Canadian Youth are on Track in Science According to New Report

TORONTO, October 7, 2014 – A new report released today by the Council of Ministers of Education, Canada (CMEC), offers a detailed portrait of the skills of Canadian youth in Grade 8 (Secondary II in Quebec) in three core learning areas: science, mathematics, and reading.


The Pan-Canadian Assessment Program (PCAP) was first introduced by ministers of education in 2007 to provide robust, comparable data on how well students are doing in provincial education systems. It complements other assessments in each province and territory and ensures that student performance can be compared across the country. PCAP also complements key international studies in which Canada participates, such as OECD's Programme for International Student Assessment (PISA).


For PCAP 2013, approximately 32,000 Grade 8 students from over 1,500 schools across all 10 provinces were tested in spring 2013. Science was the major focus of the assessment. Math and reading were also assessed.


Today's report shows that Canadian youth are managing well in science. At the pan-Canadian level, 91 per cent of students are achieving the expected level of performance for their grade. Moreover, close to half the students are achieving at an even higher level.


In all provinces, without exception, over 85 per cent of students are achieving at the expected level of performance in science — in some cases, well over 90 per cent.


“Scientific literacy is an essential part of what it means to be an educated and engaged citizen in the 21st century,” said the Honourable Gordon Dirks, Chair of CMEC and Minister of Education for Alberta. “Today's results confirm that our education systems are providing young people a strong foundation in the scientific knowledge and skills needed to make sense of the natural world and our place within it.”


PCAP's three-year cycles began in 2007. With PCAP 2013, some analysis over time is now possible in mathematics and reading.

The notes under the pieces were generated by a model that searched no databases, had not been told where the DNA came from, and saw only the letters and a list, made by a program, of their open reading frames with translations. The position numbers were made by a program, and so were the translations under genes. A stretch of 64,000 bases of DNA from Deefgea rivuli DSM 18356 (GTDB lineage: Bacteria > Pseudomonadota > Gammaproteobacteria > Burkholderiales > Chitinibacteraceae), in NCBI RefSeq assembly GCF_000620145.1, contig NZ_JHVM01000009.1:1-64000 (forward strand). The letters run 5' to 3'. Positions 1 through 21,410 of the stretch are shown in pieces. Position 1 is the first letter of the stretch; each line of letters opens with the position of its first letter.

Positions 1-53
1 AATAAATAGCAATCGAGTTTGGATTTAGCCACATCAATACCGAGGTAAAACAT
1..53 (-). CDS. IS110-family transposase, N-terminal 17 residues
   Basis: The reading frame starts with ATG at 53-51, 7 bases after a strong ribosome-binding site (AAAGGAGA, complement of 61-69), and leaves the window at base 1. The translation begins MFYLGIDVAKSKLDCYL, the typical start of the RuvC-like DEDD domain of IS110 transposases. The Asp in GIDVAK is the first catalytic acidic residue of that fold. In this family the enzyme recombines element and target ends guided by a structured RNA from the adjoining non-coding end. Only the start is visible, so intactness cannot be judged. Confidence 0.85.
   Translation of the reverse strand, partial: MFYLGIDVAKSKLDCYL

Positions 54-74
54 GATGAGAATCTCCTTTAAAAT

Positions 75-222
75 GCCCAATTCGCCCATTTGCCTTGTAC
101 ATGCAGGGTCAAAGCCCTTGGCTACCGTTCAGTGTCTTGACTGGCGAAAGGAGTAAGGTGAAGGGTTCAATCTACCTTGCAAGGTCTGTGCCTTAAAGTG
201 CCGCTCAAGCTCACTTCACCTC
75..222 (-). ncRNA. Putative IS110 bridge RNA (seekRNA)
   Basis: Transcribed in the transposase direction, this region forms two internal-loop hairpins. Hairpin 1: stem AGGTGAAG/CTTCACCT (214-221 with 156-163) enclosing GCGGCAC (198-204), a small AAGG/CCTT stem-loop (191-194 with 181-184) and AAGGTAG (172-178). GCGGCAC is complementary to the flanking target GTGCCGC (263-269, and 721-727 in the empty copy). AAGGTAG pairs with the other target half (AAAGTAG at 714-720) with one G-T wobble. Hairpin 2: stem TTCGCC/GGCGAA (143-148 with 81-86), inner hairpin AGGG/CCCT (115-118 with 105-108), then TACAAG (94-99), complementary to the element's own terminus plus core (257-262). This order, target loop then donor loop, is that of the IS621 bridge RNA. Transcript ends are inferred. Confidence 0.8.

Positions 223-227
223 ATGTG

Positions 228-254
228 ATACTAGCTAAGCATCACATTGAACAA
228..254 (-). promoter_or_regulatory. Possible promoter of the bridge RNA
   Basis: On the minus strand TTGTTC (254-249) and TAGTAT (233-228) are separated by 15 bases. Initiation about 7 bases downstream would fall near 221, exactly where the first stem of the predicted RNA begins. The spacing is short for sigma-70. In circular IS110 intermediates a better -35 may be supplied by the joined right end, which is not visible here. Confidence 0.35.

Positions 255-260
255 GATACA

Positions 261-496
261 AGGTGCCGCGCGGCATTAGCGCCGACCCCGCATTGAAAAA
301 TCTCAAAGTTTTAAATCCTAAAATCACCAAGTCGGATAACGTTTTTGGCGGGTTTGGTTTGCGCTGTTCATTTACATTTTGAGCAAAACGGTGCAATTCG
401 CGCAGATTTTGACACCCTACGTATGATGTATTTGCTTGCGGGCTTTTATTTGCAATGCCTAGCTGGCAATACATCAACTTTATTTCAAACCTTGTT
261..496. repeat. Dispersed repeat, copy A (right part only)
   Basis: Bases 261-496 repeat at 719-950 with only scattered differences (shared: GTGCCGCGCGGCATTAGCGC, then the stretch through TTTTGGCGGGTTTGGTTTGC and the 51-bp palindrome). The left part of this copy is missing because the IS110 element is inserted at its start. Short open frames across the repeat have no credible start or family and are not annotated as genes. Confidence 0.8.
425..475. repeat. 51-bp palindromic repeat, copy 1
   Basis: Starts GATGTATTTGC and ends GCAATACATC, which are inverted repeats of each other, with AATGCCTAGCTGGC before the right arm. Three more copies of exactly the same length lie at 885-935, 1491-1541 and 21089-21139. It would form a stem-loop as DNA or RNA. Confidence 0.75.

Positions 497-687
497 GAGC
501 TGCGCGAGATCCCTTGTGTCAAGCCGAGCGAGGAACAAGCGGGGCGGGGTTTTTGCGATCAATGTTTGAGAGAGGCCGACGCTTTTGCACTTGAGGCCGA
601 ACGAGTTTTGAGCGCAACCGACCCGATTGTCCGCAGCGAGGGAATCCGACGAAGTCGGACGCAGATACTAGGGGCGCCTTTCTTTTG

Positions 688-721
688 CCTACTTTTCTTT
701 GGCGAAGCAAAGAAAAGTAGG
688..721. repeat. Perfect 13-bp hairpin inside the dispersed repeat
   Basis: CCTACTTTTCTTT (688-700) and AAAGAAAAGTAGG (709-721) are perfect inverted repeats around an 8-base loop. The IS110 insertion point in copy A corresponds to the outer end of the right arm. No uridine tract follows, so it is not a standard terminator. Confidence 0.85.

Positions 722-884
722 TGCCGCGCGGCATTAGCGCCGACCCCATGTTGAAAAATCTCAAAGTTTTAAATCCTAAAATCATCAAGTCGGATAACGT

In mathematics, PCAP data show an improvement in Grade 8 student achievement in most provinces across Canada between 2010 and 2013. Student performance in reading was assessed by PCAP in 2007, 2010, and 2013. In reading, performance was stable across Canada between 2007 and 2013 and showed some improvement between 2010 and 2013.


Some other key findings from today's report:


  • Gender does not appear to be a factor in performance in either science or math at the Grade 8 level in Canada; PCAP data show no significant difference in the performance of girls and boys in either subject. In all provinces, girls continue to perform better than boys in reading. This phenomenon is also observed in PISA and other assessments.


  • Across provinces, Alberta and Ontario students show the highest performance in science, while Ontario and Quebec students achieve higher than the Canadian average in reading and mathematics, respectively.


  • In most provinces with English majority-language school systems, students in the English systems do better in science and reading than students in the French systems. The reverse is true in mathematics: students in the French systems tend to outperform their English counterparts. In Quebec, science and reading results are the same in English and French systems, while students in the French system do better than those in the English system in math.


Students' total scores in each subject area were transposed onto a common scale, ranging from 0 to 1,000, with the average for the pan-Canadian population set at 500.


PCAP 2013 also collected extensive contextual information from questionnaires completed by students, teachers, and principals. This information will be published in late 2014 and should offer insight into some of the factors that may influence student performance.


The next cycle of PCAP is already under way. PCAP 2016 will focus mainly on reading; math and science will also be assessed.


For highlights and the full report, visit: :


About CMEC

Founded in 1967, CMEC is the collective voice of Canada's ministers of education. It provides leadership in education at the pan-Canadian and international levels and contributes to the exercise of the exclusive jurisdiction of provinces and territories over education. For more information, visit us at



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Colin Bailey
Director, Communications
Cell: 416-777-4879
Tel.: 416-962-8100, ext. 259
Twitter: @CCMEC